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And Let Perpetual Light Shine Upon Him

6 Jul

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When Life Hands You Rotten Fruit…

11 Apr

… you make some Banana Mango bread.

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pay no mind to the cranberry cake in the corner– that’s a post for another day

My sweet husband is forever adding bananas to the grocery list, despite the fact that he almost never eats them before they go bad. Last week, our fruit bowl pile of  three-seconds-from-rotten fruit also included two mangoes, despite Mr Kef’s sworn plans to make a smoothie with them. So, I consulted the oracle of the internet for inspiration and, once I saw a recipe for this mango banana bread, I knew this produce hadn’t gone past its prime in vain.

20180402_084711The original recipe can be found here. I toyed with the spices, turned the muffins into a bread loaf, and omitted the glaze– my final recipe is below. I also cannot explain the bizarre order of ingredient incorporation, but it made for an incredibly moist and not overdone bread, so I left strange enough alone and kept the original order. It smelled so.good. and got rave reviews from my coworkers, MrKef’s coworkers, and my favorite neighbor. If that’s not a reason to run to your nearest grocery store, buy some fruit, and let it get within a day of rotting, then I just don’t know what is.

Mango Banana Bread

Ingredients

  • 1 c mashed very ripe bananas (this was about 2 medium ones for me)
  • ¼ c  Greek yogurt (just get the Fage)
  • 2 large eggs
  • 1 tsp vanilla extract
  • 2 c all-purpose flour
  • 3/4 c brown sugar
  • 1 tsp baking soda
  • 1 tsp baking powder
  • ½ tsp salt
  • 1 c  ripe mango, cut into as small cubes as you can
  • 1-2 tsp ground ginger powder, based on taste 
  • ½ cup olive oil
  • 2 TBS dark rum

Assembly

  1. Preheat oven to 350 F. Grease a loaf pan.
  2. In a small bowl whisk together eggs, bananas, sugar, yogurt, and vanilla.
  3. In a separate large bowl mix together flour, baking powder, baking soda, and salt.
  4. Gradually fold wet ingredients into dry ingredients until just combined.
  5. Add mango and ginger; stir with spatula until incorporated, then add oil. Scrape down sides and mix thoroughly.
  6. Pour into prepared loaf pan and bake for about 60-75 minutes, or until a toothpick inserted comes out clean.
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The Nuts

3 Apr

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9 Mar

cherryl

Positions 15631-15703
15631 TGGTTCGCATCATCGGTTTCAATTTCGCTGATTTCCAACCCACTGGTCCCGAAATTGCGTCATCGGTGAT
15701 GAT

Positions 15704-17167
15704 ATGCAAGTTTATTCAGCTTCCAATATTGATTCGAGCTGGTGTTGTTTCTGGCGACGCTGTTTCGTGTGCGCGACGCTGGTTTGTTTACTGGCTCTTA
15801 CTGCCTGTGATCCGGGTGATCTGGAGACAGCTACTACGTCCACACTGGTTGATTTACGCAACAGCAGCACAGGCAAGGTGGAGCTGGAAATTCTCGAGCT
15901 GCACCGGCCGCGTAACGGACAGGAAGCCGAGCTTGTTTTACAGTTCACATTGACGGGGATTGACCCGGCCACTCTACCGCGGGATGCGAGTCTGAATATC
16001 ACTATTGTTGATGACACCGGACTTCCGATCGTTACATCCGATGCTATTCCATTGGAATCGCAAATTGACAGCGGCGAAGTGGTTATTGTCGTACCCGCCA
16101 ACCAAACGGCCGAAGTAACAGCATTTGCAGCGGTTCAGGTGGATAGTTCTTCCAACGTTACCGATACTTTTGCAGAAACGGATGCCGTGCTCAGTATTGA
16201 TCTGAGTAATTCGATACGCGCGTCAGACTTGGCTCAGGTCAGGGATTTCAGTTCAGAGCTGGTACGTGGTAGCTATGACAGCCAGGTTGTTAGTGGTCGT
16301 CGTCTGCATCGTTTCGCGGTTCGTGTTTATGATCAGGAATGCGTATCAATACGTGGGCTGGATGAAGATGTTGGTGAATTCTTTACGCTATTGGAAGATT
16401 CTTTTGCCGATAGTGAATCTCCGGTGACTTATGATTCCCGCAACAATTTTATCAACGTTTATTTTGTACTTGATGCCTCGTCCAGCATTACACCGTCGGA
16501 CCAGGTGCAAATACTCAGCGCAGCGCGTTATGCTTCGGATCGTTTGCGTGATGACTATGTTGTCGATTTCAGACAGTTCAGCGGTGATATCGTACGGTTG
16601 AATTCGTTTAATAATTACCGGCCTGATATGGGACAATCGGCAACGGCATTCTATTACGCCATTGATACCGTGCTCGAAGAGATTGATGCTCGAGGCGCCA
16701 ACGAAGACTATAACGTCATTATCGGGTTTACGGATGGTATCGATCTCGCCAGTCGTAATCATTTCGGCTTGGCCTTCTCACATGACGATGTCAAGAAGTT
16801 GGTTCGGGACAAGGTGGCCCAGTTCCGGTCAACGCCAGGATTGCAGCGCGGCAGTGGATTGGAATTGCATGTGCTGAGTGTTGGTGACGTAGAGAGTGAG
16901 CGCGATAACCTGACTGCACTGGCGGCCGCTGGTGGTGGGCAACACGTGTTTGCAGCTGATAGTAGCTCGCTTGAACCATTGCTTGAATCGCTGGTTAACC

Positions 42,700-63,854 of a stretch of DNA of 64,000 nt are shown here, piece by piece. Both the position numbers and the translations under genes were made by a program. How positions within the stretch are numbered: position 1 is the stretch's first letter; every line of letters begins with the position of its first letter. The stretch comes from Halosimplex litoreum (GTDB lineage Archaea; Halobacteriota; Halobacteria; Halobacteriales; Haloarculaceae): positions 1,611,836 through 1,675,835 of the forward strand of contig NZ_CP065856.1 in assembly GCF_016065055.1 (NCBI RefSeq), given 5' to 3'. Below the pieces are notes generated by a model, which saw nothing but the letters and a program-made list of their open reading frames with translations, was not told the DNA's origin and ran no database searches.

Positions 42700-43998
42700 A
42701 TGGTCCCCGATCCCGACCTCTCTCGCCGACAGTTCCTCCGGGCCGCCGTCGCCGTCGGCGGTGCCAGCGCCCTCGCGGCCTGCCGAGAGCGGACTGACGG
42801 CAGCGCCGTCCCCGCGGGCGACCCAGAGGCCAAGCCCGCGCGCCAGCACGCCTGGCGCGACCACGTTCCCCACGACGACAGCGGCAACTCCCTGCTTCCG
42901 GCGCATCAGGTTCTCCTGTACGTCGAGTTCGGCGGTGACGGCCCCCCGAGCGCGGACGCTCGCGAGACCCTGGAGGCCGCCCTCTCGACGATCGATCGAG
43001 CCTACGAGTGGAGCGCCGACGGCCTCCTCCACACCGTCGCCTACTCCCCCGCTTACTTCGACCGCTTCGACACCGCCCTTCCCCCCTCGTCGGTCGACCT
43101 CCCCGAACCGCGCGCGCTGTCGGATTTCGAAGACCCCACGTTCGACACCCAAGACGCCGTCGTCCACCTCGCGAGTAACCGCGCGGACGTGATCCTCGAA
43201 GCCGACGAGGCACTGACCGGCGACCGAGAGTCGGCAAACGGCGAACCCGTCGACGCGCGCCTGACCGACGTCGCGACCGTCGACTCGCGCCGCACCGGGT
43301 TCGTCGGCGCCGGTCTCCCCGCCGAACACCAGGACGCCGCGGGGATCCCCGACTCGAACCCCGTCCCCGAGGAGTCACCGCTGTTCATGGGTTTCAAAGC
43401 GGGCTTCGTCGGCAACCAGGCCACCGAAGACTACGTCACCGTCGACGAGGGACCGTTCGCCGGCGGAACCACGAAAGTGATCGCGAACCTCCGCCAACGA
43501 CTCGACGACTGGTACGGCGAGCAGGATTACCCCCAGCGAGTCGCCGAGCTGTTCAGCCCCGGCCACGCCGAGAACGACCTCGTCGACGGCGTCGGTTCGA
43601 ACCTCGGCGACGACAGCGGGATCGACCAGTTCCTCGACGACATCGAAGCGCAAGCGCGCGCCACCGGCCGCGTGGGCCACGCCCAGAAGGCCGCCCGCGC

Grant unto thy servants
a place of solace,
of peaceful rest,
of glorious light.

It’s a Dog-Eat-Dog Cake

6 Mar

There is a enough room in my feline-philic heart for exactly 5 dogs: Bailey, Blue, Ryley, Murphy, and Cosmo. And though I love each of them with the exact same amount of reluctance (seriously — what is with the licking?), Cosmo is the only one small enough to let me treat him kind of like a cat, and so he gets some shine today.

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Don’t be fooled by Cosmo’s less-than-Mastiff stature: he’s smart, sassy, and commands an impressive following on Instagram.  ChampagneOnlyKef and CafeKef throw him a party every year with the best birthday treat a boy could bark for: cake that is safe for both dogs and people AND is gluten free. If St. Matthew had to rewrite the Beatitudes for today’s world, it would go something like, “Blessed is the smallest dog in Chef Kefi’s favor: for he will get a social-media presence AND a blog post written about his 11th birthday.” With a promise like that one, who really needs to inherit the earth?

Before a lightning bolt strikes me down,  I better tell you about the recipe. This cake is safe for both dogs and humans, is refined-sugar-free AND can easily be made without gluten … just the thing you never knew you needed. CafeKef says the homemade version below (original recipe here) is one dogs LOVE and that humans “won’t mind” — she also suggests this canine cake mix that comes with its own frosting. Cosmo had no problem cleaning his plate with either version!

Doggie Birthday Cake

Ingredients

Assembly

  1. Preheat oven to 350 degrees F. Grease a bundt or cake pan.
  2. Combine the egg, peanut butter, oil, vanilla, and honey, if desired, in a large bowl; blend well. Stir in the carrots and mix thoroughly. Sift together the flour and baking soda and fold into the carrot mixture. Spoon cake batter into prepared pan.